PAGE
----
The time is 1949, and the Farthing set has gathered hastily at the Eversley country estate on the eve of an important vote in Parliament that will elect new leadership. One of those who could expect a powerful post is Sir James Thirkie, the chief negotiator with Hess who is widely hailed as bringing peace to Britain. Thirkie, however, is murdered under strange circumstances— his body is found with his breast painted red with cheap lipstick in imitation of the Farthing symbol, a red robin. Equally strange, a dagger in the chest impales a square piece of cloth with a yellow star, which Jews under Nazi occupation are forced to wear. Thirkie, however, did not die of a knife wound.
Suspicion immediately centers on David Kahn, who is married to the Eversley's daughter, Lucy. David, as it happens, was a pilot of some distinction in the shortened war, comes from a moneyed class, behaves in strict accordance to English notions of proprietary class behavior, and, above all, is not so stupid as to draw attention to himself even if he had a motive. Not that this matters.
Enter Peter Anthony Carmichael, rising young inspector for Scotland Yard, who, whatever prejudices he might have against Jews, doubts that Kahn is guilty. From the perspective of his "betters," however, Kahn is the perfect scapegoat. And, as it turns out, a scapegoat to set in motion a political agenda.
The novel unfolds from two alternating perspectives— a third person narration of Carmichael's activities in the case and the first person recollections of Lucy Kahn. The reason for the contrasting viewpoints becomes evident in the denouement; suffice it to say there's more here than a desire to be metafictional. Quite the opposite, in fact.
Both perspectives ponder class distinctions from the viewpoints of the higher class and the aspiring class— how servants are supposed to behave in relation to their employers, how social status relates to political power, what is the appropriate dress for time of day and location, how you defer to social superiors. In Tooth and Claw, Walton made fun of these conventions. In Farthing, she demonstrates how such "silly" things underpin greater issues.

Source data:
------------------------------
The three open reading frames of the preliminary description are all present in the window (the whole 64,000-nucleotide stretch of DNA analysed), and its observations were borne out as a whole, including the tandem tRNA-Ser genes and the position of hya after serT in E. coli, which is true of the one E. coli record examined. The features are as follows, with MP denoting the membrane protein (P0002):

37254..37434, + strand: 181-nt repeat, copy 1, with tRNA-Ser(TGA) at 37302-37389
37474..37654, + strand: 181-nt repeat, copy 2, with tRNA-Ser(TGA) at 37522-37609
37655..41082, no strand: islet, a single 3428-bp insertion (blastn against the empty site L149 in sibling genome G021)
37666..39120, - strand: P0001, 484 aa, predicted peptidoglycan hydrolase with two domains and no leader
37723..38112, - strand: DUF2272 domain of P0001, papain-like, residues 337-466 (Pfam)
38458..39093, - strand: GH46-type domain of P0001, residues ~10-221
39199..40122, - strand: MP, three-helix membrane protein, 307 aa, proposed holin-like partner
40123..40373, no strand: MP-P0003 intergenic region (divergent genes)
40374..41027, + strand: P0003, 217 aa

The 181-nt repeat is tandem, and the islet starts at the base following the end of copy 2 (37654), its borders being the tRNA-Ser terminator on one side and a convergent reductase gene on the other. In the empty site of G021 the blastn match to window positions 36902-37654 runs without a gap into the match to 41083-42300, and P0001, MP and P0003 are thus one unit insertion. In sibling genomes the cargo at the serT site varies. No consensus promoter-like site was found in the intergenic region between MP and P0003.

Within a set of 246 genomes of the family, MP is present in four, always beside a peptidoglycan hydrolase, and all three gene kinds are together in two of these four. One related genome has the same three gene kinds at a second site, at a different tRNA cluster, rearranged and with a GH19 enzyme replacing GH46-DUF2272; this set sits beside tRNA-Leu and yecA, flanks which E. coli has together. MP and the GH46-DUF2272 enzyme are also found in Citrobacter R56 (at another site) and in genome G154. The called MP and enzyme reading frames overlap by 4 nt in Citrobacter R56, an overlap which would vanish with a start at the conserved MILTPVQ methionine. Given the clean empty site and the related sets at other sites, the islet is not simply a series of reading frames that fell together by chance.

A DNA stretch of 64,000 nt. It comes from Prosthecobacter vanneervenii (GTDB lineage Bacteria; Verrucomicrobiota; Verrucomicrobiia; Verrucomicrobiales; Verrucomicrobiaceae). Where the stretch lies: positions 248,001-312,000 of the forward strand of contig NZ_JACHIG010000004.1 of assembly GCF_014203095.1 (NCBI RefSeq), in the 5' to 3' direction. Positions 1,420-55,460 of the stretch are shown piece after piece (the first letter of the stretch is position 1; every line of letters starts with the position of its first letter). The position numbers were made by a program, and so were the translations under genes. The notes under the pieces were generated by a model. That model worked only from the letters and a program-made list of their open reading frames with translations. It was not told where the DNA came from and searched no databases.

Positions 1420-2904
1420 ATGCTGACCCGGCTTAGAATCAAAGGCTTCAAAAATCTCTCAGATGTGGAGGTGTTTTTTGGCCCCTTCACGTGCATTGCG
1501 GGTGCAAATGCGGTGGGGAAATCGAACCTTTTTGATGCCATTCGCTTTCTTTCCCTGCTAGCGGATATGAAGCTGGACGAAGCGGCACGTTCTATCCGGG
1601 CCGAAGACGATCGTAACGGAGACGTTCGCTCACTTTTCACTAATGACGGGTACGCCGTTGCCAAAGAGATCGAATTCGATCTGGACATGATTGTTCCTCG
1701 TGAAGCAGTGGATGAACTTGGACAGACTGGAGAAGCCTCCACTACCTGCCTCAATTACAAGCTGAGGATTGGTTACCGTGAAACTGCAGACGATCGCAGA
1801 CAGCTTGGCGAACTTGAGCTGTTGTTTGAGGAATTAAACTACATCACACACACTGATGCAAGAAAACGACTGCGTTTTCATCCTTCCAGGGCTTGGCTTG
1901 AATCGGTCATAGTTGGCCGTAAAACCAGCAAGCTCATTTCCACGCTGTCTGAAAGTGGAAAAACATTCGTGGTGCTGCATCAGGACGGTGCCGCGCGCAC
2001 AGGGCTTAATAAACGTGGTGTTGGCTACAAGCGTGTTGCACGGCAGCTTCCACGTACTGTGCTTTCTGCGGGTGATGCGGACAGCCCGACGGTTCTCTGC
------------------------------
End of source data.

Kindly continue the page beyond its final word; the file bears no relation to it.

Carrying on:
Everyone should get a little nervous shudder every time a character in this book refers to "terrorists." You could just as easily substitute "Jew" or "anarchist" or "homosexual" or "communist," even though they in fact are different things, as Carmichael frequently points out to people who can only understand that what they all share is that they are not "us."
Carmichael is not without his own social prejudices, but they don't cloud his judgment. Moreover, Carmichael has reasons to sympathize with the socially dispossessed. While Lucy Kahn at first comes off as a bit of an airhead, though not an intellectual, she is clever. She also has the gumption to buck social standards to marry David for love, and willingly accept the social consequences. These are two good people.
The other characters are noteworthy perhaps less for their personal peccadilloes and hypocrisies that lie beneath the upper crust veneer than for their basic willingness to go along. They're not good people or bad people, just people who go along because that's what you do in society— go along. Which is what the fascists count on.
If that's a bit depressing, Walton also shows how good people make compromises to fight another day, to make some kind of small difference. Such is the fate of Lucy and Carmichael, both in Walton's alternate history and in ours.